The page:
By John Cuddy – April, 2018
Meeting this American Hero at Mary Ann’s Diner in Derry, NH on a Saturday morning, I was amazed at how quickly and confidently he used his smartphone. While eating, he showed me lots of information about his World War II unit and its planes, moving rapidly from one screen to the next, at a speed that would put any millennial to shame. Sgt. Peter D’Ambrosio, born during the “Roaring 20’s”, was an expert at using 21st century technology.
Reading a Veteran’s DD 55, also known Discharge Papers, (now known as a DD 214) is a task routinely done in Human Resources offices, town halls, and at VA Hospitals throughout the United States. On my desk, while I write this, is the “Enlisted Record and Report of Separation-Honorable Discharge” of Sgt. Peter A. D’Ambrosio, 73th Bomber Wing (B-29) U.S. Army Air Corp, Pacific Theater of Operation, World War II. Sgt. D’Ambrosio was qualified on the M1 Carbine, received the Good Conduct Medal, both the American and Pacific Campaign Medals, and the World War II Victory Medal.
According to his discharge papers, he participated in the “Air Offensive against Japan”. He served nearly three years, almost all of it on the Island of Saipan, where he serviced the planes tasked with securing the unconditional surrender of the Empire of Japan.
After finishing basic training, Sgt. D’Ambrosio spent ten weeks in Biloxi, MS to become an Aircraft and Engine Mechanic. He later trained in San Diego, California on B24 Liberators for about a month, then abruptly was transferredto Kansas to train on the B29 Superfortresses. The B29 aircraft, which their crews called ships, was the world’s first pressurized bomber and was also equipped with remote controlled machine guns. His unit was known as the 58th Bomb Wing, which eventually turned into the 73rd Bomb Wing, then the 500th Bomb Group, which was made up of three squadrons, deploying to Saipan in the Mariana Islands.
Peter said that in nine months of operations, his unit conducted seventy nine bombing raids on Japan. During most of his time on Saipan, he was a crew chief on the Cessna UC-78. According to the Collin’s Foundation’s website, the plane, known affectionately as the “Bamboo Bomber” because of its wooden construction, was well known as a multi-engine trainer of WWII.
Many bomber pilots had their initial training on this aircraft. Talking with Sgt.D’Ambrosio, the official use of the UC-78 aircraft on the Islands of Tinian and Saipan, was moving U.S. Mail, critical medical supplies and repair parts from Island to Island.
However, he said with a grin, the B29 Bomber pilots could check one out, and often did, taking Army nurses sightseeing while off duty.
Saipan was captured in July 1944, and with its airfields built by U.S. Navy Seabees was fully operational by October 1944. Saipan was well suited to bomb Japan from using the B29. 20th Air Force was on Saipan and the 21st Air Force was on Tinian, both units maintained a HQ on the Island of Guam. Each Island had over 300+ B 29s. Peter said that air raids with 1,000 B29s were common in the last months of the war against Japan. He was an eye witness to the B29 “Enola Gay” leaving neighboring Tinian to drop the first Atomic bomb on Hiroshima, Japan. Three days later a second B-29, “Bockscar”, dropped another atomic bomb on Nagasaki.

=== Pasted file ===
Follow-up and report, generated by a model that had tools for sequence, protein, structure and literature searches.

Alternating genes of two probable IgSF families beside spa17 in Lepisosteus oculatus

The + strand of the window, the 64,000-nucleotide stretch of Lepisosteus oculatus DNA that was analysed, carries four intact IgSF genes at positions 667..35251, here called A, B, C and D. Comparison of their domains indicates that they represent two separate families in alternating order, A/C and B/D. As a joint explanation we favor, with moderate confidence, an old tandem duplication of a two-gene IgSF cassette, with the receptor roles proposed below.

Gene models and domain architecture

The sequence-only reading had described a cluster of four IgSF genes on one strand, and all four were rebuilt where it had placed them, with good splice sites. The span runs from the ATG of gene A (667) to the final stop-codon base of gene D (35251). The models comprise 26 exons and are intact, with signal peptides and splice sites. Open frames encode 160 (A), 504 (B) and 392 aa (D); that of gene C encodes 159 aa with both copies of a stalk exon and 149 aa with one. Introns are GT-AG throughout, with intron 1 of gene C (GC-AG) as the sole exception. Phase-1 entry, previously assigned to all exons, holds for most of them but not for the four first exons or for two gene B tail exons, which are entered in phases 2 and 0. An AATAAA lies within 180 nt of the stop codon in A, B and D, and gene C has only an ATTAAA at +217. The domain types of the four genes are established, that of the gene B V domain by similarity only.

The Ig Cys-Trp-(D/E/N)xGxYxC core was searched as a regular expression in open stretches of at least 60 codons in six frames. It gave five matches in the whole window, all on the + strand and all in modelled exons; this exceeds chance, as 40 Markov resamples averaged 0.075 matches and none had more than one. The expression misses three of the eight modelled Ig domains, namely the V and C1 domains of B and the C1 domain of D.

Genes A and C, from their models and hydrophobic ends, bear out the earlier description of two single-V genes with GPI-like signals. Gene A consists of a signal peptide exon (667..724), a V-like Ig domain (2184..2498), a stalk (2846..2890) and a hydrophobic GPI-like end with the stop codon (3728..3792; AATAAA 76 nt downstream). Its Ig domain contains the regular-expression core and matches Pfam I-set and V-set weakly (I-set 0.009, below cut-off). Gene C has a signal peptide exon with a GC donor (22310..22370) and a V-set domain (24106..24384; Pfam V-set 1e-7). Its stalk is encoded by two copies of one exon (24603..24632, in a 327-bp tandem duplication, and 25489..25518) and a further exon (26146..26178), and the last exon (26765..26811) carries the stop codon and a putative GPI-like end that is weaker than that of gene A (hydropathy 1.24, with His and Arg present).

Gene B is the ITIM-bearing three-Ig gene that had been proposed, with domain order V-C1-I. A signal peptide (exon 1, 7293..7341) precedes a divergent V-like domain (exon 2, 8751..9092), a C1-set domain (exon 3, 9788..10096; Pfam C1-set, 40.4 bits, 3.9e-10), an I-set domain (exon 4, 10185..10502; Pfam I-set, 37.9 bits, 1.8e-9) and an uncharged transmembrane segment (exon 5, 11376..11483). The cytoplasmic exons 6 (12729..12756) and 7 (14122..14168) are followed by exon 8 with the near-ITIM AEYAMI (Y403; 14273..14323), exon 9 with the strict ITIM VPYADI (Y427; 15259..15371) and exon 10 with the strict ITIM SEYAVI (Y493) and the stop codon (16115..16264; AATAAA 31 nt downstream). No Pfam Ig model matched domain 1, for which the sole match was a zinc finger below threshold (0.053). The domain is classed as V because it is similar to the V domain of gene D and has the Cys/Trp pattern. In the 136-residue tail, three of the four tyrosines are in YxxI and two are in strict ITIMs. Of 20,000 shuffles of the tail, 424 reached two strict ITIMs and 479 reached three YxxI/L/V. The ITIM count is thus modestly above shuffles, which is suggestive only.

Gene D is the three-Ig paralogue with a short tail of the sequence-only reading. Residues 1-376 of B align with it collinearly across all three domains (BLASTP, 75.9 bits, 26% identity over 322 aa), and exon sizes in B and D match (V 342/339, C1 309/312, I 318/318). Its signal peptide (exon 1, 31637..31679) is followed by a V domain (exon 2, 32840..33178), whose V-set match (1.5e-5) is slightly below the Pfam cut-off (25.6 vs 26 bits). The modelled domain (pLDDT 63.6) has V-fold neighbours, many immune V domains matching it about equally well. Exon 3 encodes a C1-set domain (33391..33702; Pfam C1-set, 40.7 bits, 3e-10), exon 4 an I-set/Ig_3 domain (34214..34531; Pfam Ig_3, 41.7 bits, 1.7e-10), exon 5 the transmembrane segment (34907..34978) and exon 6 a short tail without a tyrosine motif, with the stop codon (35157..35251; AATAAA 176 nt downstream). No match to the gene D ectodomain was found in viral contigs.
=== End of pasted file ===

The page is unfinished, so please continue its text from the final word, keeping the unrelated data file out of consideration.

With a range 3,100 miles, the legendary B-29 Superfortress was manufactured by Boeing, the company’s website states that “The earliest B-29s were built before testing was finished, so the Army Air Corp established modification centers where last-minute changes could be made without slowing expanding assembly lines. Boeing built a total of 2,766 B-29s at plants in Wichita, Kansas. B-29s were primarily used in the Pacific theater during World War II. Two other companys also built B 29s during World War II, Glen Martin and Bell Aircraft.
Many World War II, Korea, and Vietnam Veterans have told me stories of being hassled by the career NCOs (often called lifers by both officers and enlisted men) while they were mustering out, at the end of their military service. Sgt. D’Ambrosio’s experience was quite different, after Japan surrendered, his unit was moved to California, where he spent a week at a USAAC camp in Redwoods, California. The locals invited him and his squadron mates to Christmas dinner, then, after a few days, he was put on a train to Fort Devens.
Peter D’Ambrosio considers himself lucky having served in World War II on Saipan with his twin brother Anthony, and his cousin Peter Campino. He had another brother Michael, too young to serve, and a sister Lilian, who later became a Massachusetts Judge. He and his wife Elizabeth, now deceased, have two sons, Bruce living in Los Angeles, CA and Brian up in Brentwood, NH. Besides his skill on computers, another interesting fact about his life is that he graduated from the High School of Commerce (now English High) Class of 1941, the graduation ceremony guest speaker was Red Sox Left Fielder and future U.S. Marine Pilot, Ted Williams. Becoming a pilot himself after leaving the U.S. Army Air Corp. He owned several planes, and he used to fly out of the now closed Tewksbury Airport, and now flies with his friends out of Lawrence’s Airport.
Mr. D’Ambrosio’s post war career including stints in both the computer and electronics industries. Entering the computer industry in its infancy in the 1950s. He started in key card era, when trucks and professional riggers were needed to move computer equipment, and today is more proficient on a computer and a smartphone than most Americans. It was an honor and a pleasure to have breakfast and two detailed conversations with this “hero in our midst”.